From the Chicago Reader (December 20, 2002). And highly recommended reading: Giles Harvey’s excellent long review of Pawlikowski’s Cold War in the January 2019 issue of Harper’s. — J.R.
Pawel Pawlikowski (Last Resort) is clearly a filmmaker to watch, and he’ll appear at the festival to discuss these four English TV documentaries. From Moscow to Pietushki (1990, 45 min.), a portrait of writer Venedikt Yerofeyev, samples his work (especially the eponymous novel) in voice-over by Bernard Hill and shows how and why Yerefeyev became the patron saint of Russian alcoholics during the end of the Khrushchev era. A survivor of throat cancer, Yerefeyev needs mechanical assistance to speak, but his dry gallows humor survives intact. The hilarious Dostoevsky’s Travels (1991, 45 min.) trails the novelist’s great-grandson Dmitri, a tram driver from Saint Petersburg, as he travels around Germany hoping to find a Mercedes he can afford. He can’t speak or understand much German, and the people he encounters, though mostly friendly, seem as clueless about his ancestor as he is. (Explains one speaker at a meeting of the Dostoyevsky Society, Most people here are only familiar with Dostoyevsky through the film Anna Karenina.) Tripping With Zhirinovsky (1995, 40 min.)… Read more »
Just posted on the website Con Los Ojos Abiertos (which literally means With the Eyes Open), Christmas 2018. (https://www.conlosojosabiertos.com/la-internacional-cinefila-2018-las-mejores-peliculas-del-ano/)
If I’d sent this in a bit later, I would have somehow managed to include A Bread Factory (Patrick Wang). — J.R.
The Other Side of the Wind (Orson Welles)
The Image Book/Le Livre d’image (Jean-Luc Godard)
Do You Wonder Who Fired the Gun? (Travis Wilkerson)
Roma (Alfonso Cuarón)
The eye was in the tomb and stared at Daney/L’oeil était dans la tombe et regardait Daney (Chloé Galibert-Laîné)
To varying degrees and in different ways, all 0f
of these films or videos are experimental,
which is also true of the two films found below.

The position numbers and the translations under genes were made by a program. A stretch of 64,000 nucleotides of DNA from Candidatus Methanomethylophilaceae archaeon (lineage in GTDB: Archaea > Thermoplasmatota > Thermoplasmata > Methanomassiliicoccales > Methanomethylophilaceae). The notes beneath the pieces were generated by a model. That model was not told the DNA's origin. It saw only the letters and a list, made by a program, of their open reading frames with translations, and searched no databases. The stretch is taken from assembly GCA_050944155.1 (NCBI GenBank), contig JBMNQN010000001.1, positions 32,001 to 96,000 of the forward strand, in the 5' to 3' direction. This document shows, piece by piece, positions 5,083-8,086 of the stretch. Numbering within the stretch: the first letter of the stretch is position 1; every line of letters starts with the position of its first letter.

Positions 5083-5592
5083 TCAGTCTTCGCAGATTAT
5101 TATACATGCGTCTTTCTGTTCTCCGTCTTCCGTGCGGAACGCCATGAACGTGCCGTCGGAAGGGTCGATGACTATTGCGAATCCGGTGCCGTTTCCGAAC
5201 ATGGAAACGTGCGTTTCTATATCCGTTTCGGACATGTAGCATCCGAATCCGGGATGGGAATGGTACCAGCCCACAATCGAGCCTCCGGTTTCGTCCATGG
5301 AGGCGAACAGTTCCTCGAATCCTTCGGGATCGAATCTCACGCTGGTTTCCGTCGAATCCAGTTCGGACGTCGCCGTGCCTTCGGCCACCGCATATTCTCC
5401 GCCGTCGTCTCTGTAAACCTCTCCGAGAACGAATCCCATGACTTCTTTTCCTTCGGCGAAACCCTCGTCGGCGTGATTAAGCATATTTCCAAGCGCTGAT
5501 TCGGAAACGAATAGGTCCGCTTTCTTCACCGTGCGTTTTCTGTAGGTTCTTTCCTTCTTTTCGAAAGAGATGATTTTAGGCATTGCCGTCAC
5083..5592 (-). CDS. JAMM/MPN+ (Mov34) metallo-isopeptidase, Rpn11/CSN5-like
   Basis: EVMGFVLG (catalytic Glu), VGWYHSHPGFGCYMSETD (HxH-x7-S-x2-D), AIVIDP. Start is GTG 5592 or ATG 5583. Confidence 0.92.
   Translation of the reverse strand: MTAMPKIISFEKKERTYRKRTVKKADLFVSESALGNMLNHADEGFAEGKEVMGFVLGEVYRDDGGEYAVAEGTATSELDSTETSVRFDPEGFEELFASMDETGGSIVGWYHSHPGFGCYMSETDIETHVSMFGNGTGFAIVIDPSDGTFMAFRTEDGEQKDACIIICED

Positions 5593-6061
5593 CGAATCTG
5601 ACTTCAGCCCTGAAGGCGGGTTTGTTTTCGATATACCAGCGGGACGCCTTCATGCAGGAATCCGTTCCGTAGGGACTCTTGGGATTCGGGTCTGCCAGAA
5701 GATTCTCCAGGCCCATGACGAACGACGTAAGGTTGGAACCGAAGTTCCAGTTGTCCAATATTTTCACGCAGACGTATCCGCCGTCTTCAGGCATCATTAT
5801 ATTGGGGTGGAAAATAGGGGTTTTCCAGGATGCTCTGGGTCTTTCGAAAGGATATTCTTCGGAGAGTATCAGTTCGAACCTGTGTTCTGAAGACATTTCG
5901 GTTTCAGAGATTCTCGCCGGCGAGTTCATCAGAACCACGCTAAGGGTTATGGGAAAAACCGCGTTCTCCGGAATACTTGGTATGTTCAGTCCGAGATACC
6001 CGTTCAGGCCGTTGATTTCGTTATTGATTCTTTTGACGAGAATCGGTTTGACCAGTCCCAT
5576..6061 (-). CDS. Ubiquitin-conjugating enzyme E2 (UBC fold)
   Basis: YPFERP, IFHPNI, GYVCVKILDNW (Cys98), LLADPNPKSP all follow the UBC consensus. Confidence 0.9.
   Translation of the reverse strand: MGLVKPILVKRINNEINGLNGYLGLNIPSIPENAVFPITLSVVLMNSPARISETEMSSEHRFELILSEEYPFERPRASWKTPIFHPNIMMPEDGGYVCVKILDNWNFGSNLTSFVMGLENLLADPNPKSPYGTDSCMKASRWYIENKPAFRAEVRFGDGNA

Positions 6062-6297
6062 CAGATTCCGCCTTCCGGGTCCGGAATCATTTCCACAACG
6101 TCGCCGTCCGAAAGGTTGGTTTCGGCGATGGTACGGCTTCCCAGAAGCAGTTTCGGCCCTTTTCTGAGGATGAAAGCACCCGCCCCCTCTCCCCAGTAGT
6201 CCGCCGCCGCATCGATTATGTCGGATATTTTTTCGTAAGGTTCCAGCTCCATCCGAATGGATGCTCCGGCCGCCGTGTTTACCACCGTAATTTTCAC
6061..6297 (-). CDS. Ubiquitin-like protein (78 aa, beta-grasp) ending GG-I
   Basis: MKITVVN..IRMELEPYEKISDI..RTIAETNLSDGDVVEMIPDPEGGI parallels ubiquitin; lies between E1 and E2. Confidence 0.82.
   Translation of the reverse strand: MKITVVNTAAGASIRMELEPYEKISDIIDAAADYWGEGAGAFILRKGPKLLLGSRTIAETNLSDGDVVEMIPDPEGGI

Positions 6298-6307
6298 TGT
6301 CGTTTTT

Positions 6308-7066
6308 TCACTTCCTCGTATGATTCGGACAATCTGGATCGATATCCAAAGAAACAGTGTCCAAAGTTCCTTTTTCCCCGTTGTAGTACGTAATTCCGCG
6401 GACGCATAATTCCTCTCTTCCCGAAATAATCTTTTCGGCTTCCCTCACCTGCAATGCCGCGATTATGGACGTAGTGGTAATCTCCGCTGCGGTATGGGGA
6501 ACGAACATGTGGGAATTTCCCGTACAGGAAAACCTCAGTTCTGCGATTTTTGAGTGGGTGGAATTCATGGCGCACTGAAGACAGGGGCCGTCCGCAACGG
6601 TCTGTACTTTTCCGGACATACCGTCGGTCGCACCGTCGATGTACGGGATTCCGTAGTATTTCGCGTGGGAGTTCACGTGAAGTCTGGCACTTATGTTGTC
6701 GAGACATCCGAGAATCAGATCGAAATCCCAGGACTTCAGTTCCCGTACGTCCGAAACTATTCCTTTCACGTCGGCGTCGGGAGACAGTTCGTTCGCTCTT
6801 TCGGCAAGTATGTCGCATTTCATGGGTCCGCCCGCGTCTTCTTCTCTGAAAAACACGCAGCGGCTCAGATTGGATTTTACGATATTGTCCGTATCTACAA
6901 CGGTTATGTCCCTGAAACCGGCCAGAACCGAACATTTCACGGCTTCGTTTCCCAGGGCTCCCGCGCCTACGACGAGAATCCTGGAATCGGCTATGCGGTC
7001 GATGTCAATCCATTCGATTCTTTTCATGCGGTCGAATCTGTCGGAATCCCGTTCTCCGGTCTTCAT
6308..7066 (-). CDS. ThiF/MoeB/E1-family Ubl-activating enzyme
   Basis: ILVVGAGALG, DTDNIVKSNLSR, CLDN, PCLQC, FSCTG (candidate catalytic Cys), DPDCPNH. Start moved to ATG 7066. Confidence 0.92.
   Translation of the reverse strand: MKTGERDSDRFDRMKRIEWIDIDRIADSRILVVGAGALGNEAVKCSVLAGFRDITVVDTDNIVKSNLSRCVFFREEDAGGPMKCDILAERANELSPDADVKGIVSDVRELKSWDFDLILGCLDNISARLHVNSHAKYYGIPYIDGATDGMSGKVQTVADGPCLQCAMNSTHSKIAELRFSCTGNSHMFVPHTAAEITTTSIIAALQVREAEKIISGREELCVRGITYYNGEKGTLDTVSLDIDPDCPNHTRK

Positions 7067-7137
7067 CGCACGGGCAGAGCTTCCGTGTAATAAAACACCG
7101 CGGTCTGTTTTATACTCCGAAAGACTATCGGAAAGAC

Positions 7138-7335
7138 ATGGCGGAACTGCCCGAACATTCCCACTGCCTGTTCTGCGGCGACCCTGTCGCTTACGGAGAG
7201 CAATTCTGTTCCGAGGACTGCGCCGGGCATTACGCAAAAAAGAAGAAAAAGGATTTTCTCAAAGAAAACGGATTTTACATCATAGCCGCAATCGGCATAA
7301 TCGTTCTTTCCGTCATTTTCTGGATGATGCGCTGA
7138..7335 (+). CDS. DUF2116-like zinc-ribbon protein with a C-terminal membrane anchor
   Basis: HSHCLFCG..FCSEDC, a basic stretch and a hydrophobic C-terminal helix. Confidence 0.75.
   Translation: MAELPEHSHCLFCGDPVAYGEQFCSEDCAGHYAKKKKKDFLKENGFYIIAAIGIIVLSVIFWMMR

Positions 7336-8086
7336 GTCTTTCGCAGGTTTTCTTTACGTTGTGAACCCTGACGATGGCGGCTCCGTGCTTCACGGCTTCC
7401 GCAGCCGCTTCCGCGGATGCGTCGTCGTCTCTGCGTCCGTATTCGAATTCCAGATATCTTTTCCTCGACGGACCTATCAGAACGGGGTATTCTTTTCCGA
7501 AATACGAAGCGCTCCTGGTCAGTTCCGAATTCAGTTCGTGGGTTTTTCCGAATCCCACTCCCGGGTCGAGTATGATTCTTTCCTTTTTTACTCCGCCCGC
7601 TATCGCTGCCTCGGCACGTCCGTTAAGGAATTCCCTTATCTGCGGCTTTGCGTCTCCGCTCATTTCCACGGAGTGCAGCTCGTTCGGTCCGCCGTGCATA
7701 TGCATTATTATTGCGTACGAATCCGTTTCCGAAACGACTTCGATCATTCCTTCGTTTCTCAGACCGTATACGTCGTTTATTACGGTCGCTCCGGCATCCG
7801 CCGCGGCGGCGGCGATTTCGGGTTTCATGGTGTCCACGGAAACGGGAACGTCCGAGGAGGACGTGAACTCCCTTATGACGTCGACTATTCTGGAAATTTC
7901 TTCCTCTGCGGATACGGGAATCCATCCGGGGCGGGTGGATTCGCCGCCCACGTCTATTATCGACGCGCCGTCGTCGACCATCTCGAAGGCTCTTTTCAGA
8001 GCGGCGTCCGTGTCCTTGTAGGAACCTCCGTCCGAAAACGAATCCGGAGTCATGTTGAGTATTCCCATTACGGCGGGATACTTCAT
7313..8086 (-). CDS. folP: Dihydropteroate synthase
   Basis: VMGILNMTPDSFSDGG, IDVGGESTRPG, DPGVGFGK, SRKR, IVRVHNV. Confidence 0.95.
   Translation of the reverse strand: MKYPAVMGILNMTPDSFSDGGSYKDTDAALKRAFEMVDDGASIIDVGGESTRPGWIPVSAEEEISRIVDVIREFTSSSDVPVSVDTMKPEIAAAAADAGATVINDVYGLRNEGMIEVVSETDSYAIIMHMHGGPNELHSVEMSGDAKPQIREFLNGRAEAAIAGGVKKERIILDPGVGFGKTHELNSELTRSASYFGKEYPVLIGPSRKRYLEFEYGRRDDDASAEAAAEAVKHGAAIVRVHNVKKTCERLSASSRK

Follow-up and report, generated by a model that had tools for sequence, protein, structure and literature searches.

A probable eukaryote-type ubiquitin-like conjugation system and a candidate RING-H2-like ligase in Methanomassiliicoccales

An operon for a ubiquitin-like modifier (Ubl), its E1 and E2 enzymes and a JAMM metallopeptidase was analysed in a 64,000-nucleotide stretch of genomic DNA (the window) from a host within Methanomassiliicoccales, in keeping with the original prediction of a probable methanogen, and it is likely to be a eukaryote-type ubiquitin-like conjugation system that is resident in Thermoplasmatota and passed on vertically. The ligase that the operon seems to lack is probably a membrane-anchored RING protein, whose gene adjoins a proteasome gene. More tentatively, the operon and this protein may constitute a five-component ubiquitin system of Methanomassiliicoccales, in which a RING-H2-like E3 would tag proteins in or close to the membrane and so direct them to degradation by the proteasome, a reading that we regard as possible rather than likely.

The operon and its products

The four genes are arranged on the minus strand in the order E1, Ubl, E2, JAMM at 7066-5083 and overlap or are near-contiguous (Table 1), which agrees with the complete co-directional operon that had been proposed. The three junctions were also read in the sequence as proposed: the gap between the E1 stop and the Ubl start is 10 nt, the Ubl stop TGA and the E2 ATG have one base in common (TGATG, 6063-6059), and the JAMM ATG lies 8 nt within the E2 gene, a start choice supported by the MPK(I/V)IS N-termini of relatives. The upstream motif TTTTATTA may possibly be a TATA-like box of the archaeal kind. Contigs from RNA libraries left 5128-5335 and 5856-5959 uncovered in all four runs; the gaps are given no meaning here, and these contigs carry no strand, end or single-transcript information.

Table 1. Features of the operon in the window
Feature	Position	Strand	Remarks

Best debut feature: The Chaotic Life of
Nada Kadić (Marta Hernaiz Pidal, Mexico)
Best commercial film from the U.S.: A Simple
Favor (Paul Feig)
… Read more »
From the Chicago Reader (September 23, 1994). — J.R.
QUIZ SHOW ***
Directed by Robert Redford
Written by Paul Attanasio
With Rob Morrow, Ralph Fiennes, John Turturro, David Paymer, Christopher McDonald, Elizabeth Wilson, and Paul Scofield.
Behind the opening and closing credits of Quiz Show we hear two different pop versions of “Mack the Knife” — Bobby Darin’s bright, Lyle Lovett’s funereal — perhaps an indication that director Robert Redford has something faintly Brechtian in mind. If so, probably the most relevant Brecht passage is the exchange that concludes the 12th scene of Galileo, when Andrea, the son of Galileo’s housekeeper, quotes the maxim “Unhappy is the land that breeds no hero.” Galileo replies, “No, Andrea: ‘Unhappy is the land that needs a hero.'”
On the other hand, this is Robert Redford we’re talking about, who’s been a hero in this unhappy land for the past three decades, not someone who’s ever been known to seriously rock any boats. A better indication of what makes Quiz Show so interesting, suggestive, and fruitful (if not Brechtian) is the showroom spiel for a glittering Chrysler 300 given to the movie’s hero, congressional investigator Richard N. Goodwin, shown out shopping just before the opening credits.… Read more »
Written for Sight and Sound, November 2015. — J.R.
I hope I can be forgiven for quoting myself in my first collection, Placing Movies: The Practice of Film Criticism (1993): “As I’ve discovered in my own endeavours in editing the prose of Truffaut, Welles and Bogdanovich, the best editing is usually the kind the reader is least aware of, though the supreme masters of this game – who within my experience are probably Penelope Houston and Michael Lenehan – sometimes manage to minimise the awareness of the writer as well.” Lenehan was the main editor for several years at the Chicago Reader, and Penelope’s stint at Sight and Sound was considerably longer. Over two decades later, I can add without hesitation that no editor that I’ve ever worked with has known more and taught me more about the mechanics of prose than Penelope.
But I hasten to add that my indebtedness to her goes far beyond her superb gifts as an editor. I might even say that it was her taste, above all, that drew me to her magazine in the first place, and her determination to acquire an English work permit for me – a process that I recall took the better part of half a year – that enabled me to move to London from Paris in 1974, to serve as assistant editor at Monthly Film Bulletin (under Richard Combs, a supportive boss and fine editor in his own right) and staff writer for Sight and Sound, my first major job anywhere.… Read more »